“Someone else will do it.”
Maybe some of us have done and thought that very thing at one time or another. Some of us see a garbage can rolling around in the street in our neighborhood and we drive around it.
“Someone else will pick that up.”
Or we hear someone make a pitch for volunteers for some event or activity and we think “I’ll let someone else handle that.” Or we see someone struggling to change a flat tire on a busy road and we just drive on past.
“If they REALLY needed help they would have called someone on their cellphone.” Or we walk past homeless person after homeless person, day after day, without giving a dollar. “Let the shelters take care of them. They have options. I can’t be bothered.”
Somebody else will do it. Sadly, this can often be the mantra of our lives; a kind of prayer of inconsiderateness.
“There are different kinds of spiritual gifts . . . different forms of service . . . different workings but the same God who produces all of them in everyone.”
This passage from Paul’s first letter to the Corinthians is likely very familiar to us. It’s a very beautiful and uplifting reading, illustrating for us the idea that the gifts God gives us are spread over the entirety of humanity. Everyone has something to offer, yet no one really has every gift. Rather, collectively, God’s works are made complete and bear fruit through humanity as a whole. God doesn’t gift a few. He gifts us all. And that’s a pretty comforting thought.
And yet, maybe that’s really not enough. Maybe we need to consider God’s gifts in a very narrow way, not in the broadest sense. You see, if we simply say that some people have patience, and some have a generous heart, and some are intellectually gifted, and some are good listeners, and so forth, that does not demand anything from us, does it? After all, I can’t be the only person with certain gifts. Or can I? And if so, what does that mean?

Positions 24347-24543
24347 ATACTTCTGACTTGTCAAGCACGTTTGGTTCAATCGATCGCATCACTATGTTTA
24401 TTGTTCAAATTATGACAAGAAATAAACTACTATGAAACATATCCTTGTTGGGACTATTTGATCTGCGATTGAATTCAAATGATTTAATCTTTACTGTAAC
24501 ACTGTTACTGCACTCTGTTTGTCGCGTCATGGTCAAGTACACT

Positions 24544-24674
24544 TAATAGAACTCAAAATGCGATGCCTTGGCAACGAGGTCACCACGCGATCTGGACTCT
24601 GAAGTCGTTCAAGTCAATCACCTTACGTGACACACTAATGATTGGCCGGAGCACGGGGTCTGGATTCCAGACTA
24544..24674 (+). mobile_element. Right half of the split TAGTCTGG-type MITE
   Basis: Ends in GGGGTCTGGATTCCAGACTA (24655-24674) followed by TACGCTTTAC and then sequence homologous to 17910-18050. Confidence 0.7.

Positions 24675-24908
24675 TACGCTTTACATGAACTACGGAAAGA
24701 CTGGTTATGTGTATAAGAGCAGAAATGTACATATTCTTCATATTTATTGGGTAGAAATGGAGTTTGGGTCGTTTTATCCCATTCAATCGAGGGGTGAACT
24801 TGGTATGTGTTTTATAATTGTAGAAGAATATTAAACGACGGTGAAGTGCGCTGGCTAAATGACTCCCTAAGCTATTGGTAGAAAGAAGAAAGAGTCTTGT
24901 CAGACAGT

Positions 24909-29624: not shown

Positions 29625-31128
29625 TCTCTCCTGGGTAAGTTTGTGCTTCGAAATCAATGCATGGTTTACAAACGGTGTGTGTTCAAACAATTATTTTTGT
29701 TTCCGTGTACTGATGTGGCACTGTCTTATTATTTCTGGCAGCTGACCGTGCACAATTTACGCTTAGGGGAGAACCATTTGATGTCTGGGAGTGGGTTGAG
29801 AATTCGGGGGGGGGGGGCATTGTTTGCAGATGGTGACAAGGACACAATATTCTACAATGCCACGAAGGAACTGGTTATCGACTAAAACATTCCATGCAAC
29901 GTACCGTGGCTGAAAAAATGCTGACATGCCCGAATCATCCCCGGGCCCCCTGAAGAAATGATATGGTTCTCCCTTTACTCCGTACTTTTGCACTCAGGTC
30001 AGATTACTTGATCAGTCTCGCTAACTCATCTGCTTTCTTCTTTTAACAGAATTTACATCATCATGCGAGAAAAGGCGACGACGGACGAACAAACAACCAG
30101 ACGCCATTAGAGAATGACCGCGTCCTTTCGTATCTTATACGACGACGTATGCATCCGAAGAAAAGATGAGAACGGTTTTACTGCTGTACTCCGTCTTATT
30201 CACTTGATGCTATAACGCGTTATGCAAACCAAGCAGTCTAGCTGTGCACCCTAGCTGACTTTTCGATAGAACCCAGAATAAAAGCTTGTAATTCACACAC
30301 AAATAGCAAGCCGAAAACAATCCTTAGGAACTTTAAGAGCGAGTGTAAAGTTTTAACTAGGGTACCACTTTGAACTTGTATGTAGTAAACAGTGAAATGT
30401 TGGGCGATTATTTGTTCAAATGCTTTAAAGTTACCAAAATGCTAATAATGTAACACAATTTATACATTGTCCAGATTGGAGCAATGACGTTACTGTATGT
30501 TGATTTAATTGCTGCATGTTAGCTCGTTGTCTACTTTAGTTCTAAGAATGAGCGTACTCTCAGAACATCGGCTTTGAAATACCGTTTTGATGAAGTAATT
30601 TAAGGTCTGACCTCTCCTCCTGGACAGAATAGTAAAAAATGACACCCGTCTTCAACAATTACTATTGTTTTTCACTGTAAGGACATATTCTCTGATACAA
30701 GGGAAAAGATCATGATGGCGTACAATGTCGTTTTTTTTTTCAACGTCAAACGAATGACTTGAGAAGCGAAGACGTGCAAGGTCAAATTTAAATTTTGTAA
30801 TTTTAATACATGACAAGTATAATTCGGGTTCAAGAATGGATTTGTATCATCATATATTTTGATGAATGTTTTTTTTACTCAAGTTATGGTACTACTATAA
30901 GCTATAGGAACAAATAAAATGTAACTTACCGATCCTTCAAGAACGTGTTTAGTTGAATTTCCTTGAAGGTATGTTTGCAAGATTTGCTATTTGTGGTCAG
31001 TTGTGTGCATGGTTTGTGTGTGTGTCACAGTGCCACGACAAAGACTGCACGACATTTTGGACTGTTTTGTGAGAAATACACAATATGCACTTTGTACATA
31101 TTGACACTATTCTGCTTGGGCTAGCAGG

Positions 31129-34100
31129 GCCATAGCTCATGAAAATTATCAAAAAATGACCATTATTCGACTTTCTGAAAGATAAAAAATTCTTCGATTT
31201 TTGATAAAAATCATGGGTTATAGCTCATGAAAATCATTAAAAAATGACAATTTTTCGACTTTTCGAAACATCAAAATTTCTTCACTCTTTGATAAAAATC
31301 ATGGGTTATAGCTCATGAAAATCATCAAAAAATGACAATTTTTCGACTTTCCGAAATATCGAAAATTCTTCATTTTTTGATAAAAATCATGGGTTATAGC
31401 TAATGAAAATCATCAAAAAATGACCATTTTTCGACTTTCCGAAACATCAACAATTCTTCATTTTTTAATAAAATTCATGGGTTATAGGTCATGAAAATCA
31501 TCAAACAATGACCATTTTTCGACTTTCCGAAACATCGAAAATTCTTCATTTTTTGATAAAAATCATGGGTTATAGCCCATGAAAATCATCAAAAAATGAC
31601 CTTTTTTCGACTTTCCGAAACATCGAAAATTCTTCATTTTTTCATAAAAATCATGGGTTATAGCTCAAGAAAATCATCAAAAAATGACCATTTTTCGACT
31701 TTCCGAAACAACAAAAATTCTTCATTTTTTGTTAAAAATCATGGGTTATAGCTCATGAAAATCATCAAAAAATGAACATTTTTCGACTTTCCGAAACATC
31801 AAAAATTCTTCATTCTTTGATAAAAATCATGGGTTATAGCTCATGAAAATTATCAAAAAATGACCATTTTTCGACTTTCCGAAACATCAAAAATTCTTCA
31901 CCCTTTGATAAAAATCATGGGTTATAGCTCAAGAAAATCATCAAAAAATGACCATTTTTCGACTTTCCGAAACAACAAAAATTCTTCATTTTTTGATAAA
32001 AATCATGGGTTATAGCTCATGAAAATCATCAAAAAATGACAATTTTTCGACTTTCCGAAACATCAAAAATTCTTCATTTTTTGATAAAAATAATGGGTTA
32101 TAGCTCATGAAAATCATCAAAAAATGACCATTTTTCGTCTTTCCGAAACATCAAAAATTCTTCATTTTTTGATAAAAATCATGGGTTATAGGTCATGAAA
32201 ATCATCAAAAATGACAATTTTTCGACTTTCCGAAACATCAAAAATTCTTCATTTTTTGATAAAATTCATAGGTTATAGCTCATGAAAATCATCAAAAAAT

In one sense, it seems kind of ridiculous to think that every single individual has some unique gift that no one else has. Is that even possible? But think about it: each human person is absolutely one-of-a-kind. Even identical twins — who have the exact same DNA — aren’t the same in every way.
We have different personalities. We have different life experiences. We have different families and co-workers and friends. We live in different places and have different interests and different jobs and different likes and dislikes.
And then we mix-in the specific gifts God gives us and, well, it seems we can only come to one conclusion. And it is this — there are some things, done certain ways, in certain circumstances, that can only be done by us and through us — through you and through me. Think about how profound that is.
The implication of such a belief is there are certain things God wants and expects and hopes for the world that might never become a reality or made manifest unless one particular individual does one particular thing in one particular circumstance.
What a gift! What a blessing! And what a responsibility!
Someone else will do it? Will someone else will take care of it — almost certainly not. They won’t take care of it in the exact same way you or I can, given our God-given uniqueness, and our God-given gifts — gifts given which fit us perfectly.
May we never try to pass the buck when it comes to loving. God is waiting. The world is waiting. And maybe, just maybe, this is one of those times when no one else will do. Let’s believe it, let’s embrace it, and let’s act on it.
Deacon Stuart Neslin is a Parish Deacon and Parish Administrator at St. Mary’s Catholic Church in Rome.